Relative Something

*this* John W. Hays' take on things and experiences

Posts Tagged ‘nest box

Forging Ahead

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The bite of persistent extreme cold weather continues to oppressively dominate life for us and our stoic chickens. There is little in the way of frivolous activity from the hens, beyond the brave layers who make extra trips between the nest boxes in the coop and the nook under the barn overhang where they have been spending the rest of the daylight hours.

Surprisingly, this cold snap does not appear to be stifling the continued development of the maturing hens into the egg-laying phase of their lives. Yesterday, we were gifted with six eggs, the most in one day so far from this brood. Unsurprisingly, not all of the eggs were found before freezing to the point of cracking.

Not all of the eggs were laid in one of the nest boxes, but at least four of the layers chose the same box.

As of yesterday, we hadn’t yet made the transition to using egg cartons when collecting eggs. When it is only one or two eggs, both Cyndie and I tend to slip them into pockets for the trip back up to the house. Once we start finding a half-dozen or more at one time, our stash of old egg cartons definitely comes into play.

As Cyndie multitasked yesterday to walk Delilah, collect the emptied trash and recycling bins, and collect eggs from the coop, she was suddenly met with —

SQUIRREL!!!

With Delilah’s leash quick-clipped to the handle of one of the bins and Cyndie’s grip on each of the two bins, eggs in her jacket pocket, our alerted canine unexpectedly bolted 90° sideways over the snow piled along the edge of the driveway.

The jolt on the leash yanked so powerfully it pulled both the bins and Cyndie into the bank of snow where she toppled over and unceremoniously landed headfirst in the snow, resulting in one broken egg in her pocket.

She made her way back to upright and got Delilah under control and forged ahead for the warmth of the house.

Today is even colder than yesterday and tomorrow is due to be colder than today.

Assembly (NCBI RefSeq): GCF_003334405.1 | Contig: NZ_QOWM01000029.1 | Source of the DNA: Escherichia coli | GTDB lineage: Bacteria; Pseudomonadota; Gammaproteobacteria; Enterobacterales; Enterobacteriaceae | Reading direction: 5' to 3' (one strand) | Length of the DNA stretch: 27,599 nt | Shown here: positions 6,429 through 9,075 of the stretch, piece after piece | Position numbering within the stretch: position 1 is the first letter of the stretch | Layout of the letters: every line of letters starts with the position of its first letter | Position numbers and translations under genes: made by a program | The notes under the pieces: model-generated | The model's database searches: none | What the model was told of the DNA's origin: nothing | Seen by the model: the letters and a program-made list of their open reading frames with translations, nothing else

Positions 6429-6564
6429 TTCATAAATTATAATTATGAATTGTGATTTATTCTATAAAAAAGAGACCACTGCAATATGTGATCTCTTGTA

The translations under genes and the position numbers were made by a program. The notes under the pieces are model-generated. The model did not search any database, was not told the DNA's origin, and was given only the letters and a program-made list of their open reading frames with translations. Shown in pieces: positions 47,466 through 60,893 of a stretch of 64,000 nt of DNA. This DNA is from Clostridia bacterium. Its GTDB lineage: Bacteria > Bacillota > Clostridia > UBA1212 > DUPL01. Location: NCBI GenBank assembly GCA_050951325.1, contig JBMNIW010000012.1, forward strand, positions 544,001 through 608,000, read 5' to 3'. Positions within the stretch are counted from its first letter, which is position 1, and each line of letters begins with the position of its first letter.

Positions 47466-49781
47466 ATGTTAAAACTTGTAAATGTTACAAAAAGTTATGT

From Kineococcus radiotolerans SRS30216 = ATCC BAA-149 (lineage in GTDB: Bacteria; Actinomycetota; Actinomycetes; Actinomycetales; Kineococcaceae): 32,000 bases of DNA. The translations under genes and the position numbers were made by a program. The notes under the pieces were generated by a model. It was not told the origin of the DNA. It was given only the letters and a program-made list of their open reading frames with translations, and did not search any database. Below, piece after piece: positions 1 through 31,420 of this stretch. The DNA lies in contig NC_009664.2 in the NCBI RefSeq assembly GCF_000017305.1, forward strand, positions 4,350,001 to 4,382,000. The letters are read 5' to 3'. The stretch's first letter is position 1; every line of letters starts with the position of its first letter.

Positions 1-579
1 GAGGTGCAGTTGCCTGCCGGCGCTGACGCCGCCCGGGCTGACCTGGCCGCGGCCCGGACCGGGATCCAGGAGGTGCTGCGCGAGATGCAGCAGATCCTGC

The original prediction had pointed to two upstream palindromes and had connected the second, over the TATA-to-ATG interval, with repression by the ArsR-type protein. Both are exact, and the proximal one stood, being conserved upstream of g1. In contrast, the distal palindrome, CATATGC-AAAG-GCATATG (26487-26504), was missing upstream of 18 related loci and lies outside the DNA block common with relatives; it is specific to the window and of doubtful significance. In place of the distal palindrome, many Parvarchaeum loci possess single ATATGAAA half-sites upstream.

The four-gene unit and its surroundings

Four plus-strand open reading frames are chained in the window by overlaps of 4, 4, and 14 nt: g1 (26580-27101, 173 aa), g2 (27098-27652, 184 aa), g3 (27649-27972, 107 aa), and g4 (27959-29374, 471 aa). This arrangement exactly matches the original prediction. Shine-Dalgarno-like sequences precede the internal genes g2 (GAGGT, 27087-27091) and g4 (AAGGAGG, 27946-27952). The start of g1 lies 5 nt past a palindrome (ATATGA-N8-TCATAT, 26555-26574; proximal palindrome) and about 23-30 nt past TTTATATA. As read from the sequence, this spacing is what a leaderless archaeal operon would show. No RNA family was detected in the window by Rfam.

We’ll just keep on keeping on, uncertain of what frigid adventure might result next.

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Written by johnwhays

February 13, 2021 at 11:06 am

Not Sick

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Cyndie figured out that the behavior we are seeing in our Wyandotte –well, unfortunately, now two Wyandottes– is a case of them going “broody.” They want to hatch eggs. From what we have learned, reading up on the subject, Wyandottes have a noteworthy tendency for becoming broody.

The vision of that first hen splayed out in the nest box, when I initially spotted her there, looked completely different than normal. She seemed like a big water balloon, the way she spread out. Knowing now that she was trying to incubate eggs, it makes perfect sense.

Looks like we will have our work cut out for us to break the hens of the broody behavior. That mothering instinct kicks in and changes their hormones. Since there are no fertilized eggs to be hatched, there is the possibility that broodiness will continue beyond the average 21 days, given no reward of chicks.

Prior to kicking into gear with some of the more involved re-training suggestions, Cyndie has tried simply removing the hens from the nest boxes and putting them out with the others. Our second brooder grumpily sat right down on the ground and refused to join in the frivolity of a mealworm snack.

Her loss.

Discovering that they aren’t sick has been a relief, but there are still reasons for concern. We certainly enjoy getting eggs from our hens, but if one stops laying for a time, it’s not a serious problem. However, if the broody hen doesn’t get back to her normal self, it can be hard on her health over time.

Of even more concern to me is that going broody can get to be contagious, certainly supported by our recent evidence of the second Wyandotte taking to similar behavior in another nest box.

We’ll be intensifying our efforts to interfere with their brooding instincts until we can get things back to usual.

Just when it was feeling like we were getting the hang of this chicken rearing, another new lesson pops up to remind us how little we actually know.

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Written by johnwhays

May 10, 2019 at 6:00 am